Wednesday, February 5, 2014

Kate M. Is Recommending:
Andrew Yang, the founder of Venture for America, offers a unique solution to our country's economic and social problems--our smart people should be building things. Smart People Should Build Things offers a stark picture of the current culture and a revolutionary model that will redirect a generation of ambitious young people to the critical job of innovating and building new businesses.

As the Founder and CEO of Venture for America, Andrew Yang places top college graduates in start-ups for two years in emerging U.S. cities to generate job growth and train the next generation of entrepreneurs. He knows firsthand how our current view of education is broken. Many college graduates aspire to finance, consulting, law school, grad school, or medical school out of a vague desire for additional status and progress rather than from a genuine passion or fit.

In Smart People Should Build Things, this self-described "recovering lawyer" and entrepreneur weaves together a compelling narrative of success stories (including his own), offering observations about the flow of talent in the United States and explanations of why current trends are leading to economic distress and cultural decline. He also presents recommendations for both policy makers and job seekers to make entrepreneurship more realistic and achievable.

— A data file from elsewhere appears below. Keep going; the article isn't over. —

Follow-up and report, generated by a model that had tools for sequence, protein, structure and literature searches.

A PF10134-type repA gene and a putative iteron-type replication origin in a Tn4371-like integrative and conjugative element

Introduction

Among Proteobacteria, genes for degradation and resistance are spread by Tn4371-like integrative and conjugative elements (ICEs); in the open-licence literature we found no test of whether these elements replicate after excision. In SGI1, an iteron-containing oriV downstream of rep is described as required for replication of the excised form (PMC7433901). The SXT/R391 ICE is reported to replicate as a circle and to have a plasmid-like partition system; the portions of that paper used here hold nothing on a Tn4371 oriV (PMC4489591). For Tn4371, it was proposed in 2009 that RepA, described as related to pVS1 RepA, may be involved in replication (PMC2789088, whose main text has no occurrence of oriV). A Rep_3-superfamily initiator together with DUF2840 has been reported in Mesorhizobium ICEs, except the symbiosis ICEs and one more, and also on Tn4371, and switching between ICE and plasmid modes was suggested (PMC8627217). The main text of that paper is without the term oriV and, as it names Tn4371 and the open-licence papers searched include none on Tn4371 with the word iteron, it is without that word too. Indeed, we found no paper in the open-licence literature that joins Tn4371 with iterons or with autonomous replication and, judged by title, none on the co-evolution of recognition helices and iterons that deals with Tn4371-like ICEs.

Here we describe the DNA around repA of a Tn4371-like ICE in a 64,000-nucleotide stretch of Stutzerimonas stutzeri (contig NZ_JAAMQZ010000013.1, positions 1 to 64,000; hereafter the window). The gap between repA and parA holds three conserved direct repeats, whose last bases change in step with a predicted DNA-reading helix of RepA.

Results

From the editor of the New York Times' popular "Modern Love" column, the story of love from beginning to end (or not).

Love. We want it. We need it. We pay it homage with songs and poems and great works of art. And when we lose it, there's no pain as intense or excruciating. For centuries we've been trying to figure it out, control it, or just get better at it. As the editor of a column about love for the New York Times, Daniel Jones reads thousands of stories about people's intimate relationships--the ones that soar, crash, or hum along, from the bizarre to the supposedly "normal." It's possible that he's read more true love stories than anyone on earth. In Love Illuminated, he teases apart this mystifying emotion that thrills, crushes, and sustains.

Drawing from the 50,000 stories that have crossed his desk over the past decade, Jones explores ten aspects of love--pursuit, destiny, vulnerability, connection, trust, practicality, monotony, infidelity, loyalty, and wisdom--and creates a lively, funny and enlightening journey through this universal human experience that jangles the head and stirs the heart. 

No comments: